December 1, 2013
Some of us are still reeling from our attempts to coax a shred of Thanksgiving gratitude out of our kids.
"Remember, sweetie, when Grandma asked what you're most thankful for and you said nail polish? I wonder if next year we could mention some things that aren't sold in the cosmetics aisle."
Let's not lose hope, though. Even amid the holiday jumble of mixed messages — Make a list of all the presents you want! Be grateful for what you have! Smile for Santa! Remember the needy! — it really is possible to raise kids with a passing notion of their great good fortune.
I know. I didn't believe it either. But a Yale guy assures me it's true.
Alan E. Kazdin, director of the Yale Parenting Center and author of "The Everyday Parenting Toolkit" (Houghton Mifflin Harcourt), has some fascinating, research-based theories on shaping our kids' outlooks — how they, literally, see the world.
Parents have more power than we realize, he says, to direct and alter children's perceptions about themselves and the culture around them.
"You can sit down at the table with your partner and say, 'I want these three things in my child,'" Kazdin told me. "Maybe you want gratitude and altruism and kindness. Maybe you want self-esteem. Whatever it is, you constantly look for instances in which you can model it.
"Modeling is huge. It's just huge."
We can spell out, day after day, a well-reasoned, multipoint illustration of how much our kids have to be grateful for. We can remind them that lots of kids would be thrilled to have one (just one!) American Girl doll. We can read them statistics on world hunger — heck, national hunger — and remind them that broccoli is, actually, the opposite of the worst thing ever.
None of it's as effective, Kazdin says, as modeling some gratitude of our own.
"It's like if you sat down with your child at the piano and said, 'Now I'm going to teach you the scales. Don't touch anything,'" he says. "It would be the silliest thing in the world."
Explaining a concept, in other words, doesn't teach it nearly as well as modeling and practicing it.
"Practice changes your brain," he says. "When an amateur musician becomes a great musician, his brain has actually changed. You can measure and see the changes in specific neurons and networks in the brain."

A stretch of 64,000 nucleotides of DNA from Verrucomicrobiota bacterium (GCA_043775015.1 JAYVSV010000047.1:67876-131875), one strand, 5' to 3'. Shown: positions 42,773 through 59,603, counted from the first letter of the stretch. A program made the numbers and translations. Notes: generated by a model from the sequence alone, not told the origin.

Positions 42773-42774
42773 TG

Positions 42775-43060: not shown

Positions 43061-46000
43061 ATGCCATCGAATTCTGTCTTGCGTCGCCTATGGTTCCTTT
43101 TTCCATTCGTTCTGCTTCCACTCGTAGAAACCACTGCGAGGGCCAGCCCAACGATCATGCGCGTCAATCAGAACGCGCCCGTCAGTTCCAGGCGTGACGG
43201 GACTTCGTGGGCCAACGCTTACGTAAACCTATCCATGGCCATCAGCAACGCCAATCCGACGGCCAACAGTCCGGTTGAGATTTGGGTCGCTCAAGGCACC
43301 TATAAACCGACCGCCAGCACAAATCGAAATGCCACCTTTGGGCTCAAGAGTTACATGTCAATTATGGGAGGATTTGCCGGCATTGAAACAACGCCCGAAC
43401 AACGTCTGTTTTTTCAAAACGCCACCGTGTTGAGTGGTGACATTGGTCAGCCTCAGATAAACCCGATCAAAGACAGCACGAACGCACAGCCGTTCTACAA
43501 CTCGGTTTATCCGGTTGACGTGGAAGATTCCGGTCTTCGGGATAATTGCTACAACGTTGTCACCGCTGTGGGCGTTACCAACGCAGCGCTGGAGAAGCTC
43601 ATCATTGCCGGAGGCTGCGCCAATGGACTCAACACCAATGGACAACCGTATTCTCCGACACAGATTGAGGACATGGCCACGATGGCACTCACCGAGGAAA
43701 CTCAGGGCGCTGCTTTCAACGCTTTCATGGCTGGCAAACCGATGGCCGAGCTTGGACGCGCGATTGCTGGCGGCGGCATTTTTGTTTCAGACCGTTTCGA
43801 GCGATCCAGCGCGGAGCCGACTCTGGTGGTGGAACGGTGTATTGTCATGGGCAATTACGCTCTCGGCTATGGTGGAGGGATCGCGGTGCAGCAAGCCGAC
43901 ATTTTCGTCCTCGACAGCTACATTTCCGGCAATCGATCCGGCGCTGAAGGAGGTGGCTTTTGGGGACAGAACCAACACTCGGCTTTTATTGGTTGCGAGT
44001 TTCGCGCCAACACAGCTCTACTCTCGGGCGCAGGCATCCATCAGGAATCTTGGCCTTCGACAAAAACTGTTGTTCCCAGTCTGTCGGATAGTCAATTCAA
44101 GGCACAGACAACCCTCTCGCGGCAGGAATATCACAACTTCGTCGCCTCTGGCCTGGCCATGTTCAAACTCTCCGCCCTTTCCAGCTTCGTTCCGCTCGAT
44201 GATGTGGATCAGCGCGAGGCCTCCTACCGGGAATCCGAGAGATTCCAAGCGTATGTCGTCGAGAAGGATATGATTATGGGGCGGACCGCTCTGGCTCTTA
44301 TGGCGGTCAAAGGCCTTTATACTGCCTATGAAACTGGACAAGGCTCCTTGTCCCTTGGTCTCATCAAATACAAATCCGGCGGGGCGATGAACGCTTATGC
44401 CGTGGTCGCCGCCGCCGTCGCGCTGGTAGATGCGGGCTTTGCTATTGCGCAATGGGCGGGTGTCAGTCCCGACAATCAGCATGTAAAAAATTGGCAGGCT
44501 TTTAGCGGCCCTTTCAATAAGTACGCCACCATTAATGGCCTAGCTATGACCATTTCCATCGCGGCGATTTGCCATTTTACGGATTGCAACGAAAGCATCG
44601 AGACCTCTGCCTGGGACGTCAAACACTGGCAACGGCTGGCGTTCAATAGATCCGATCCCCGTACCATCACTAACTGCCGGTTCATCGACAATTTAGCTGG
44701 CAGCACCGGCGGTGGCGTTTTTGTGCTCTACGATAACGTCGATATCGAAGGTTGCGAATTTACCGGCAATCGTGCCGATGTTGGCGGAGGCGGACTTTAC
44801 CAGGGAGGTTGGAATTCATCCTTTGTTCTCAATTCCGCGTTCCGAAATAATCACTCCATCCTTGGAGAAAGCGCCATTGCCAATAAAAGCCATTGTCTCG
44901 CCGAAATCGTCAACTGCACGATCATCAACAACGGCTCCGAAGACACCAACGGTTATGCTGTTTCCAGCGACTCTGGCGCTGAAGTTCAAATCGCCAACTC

But it's not enough to wait for big moments that call for obvious gestures of gratitude. We have to create moments, Kazdin says, to model and encourage the behaviors we hope to instill in our kids.
Maybe that means complaining less about how much we just ate and how much laundry we have to do and how busy we are at the office and acknowledging — aloud — how out-of-this-world grateful we feel to have much too much of the things that so many people crave: food, clothing, work.
Maybe it means letting our kids know how grateful we are to have them.
A few weeks ago my son slammed his finger in the classroom door as we were leaving preschool. My daughter and I rushed him to the emergency room, where a surgeon repaired his tiny bones and reattached a portion of his pinkie that was amputated. He heard me tell the story more than a dozen times over the next few days to family members, friends, neighbors.
When we returned to school a couple of days later, he was ready to tell the story himself. His take?
"Thank God my sister was with us," he told his teacher. "She calmed me down in the car and she carried my mom's purse at the hospital."
Which is what he heard me tell every kind soul who checked in with us, post-hospital. I truly was thanking God (and anyone else who would listen) for my daughter's help.
I just didn't realize I was teaching my son to do the same.
Explaining a concept doesn't teach it nearly as well as practicing it.
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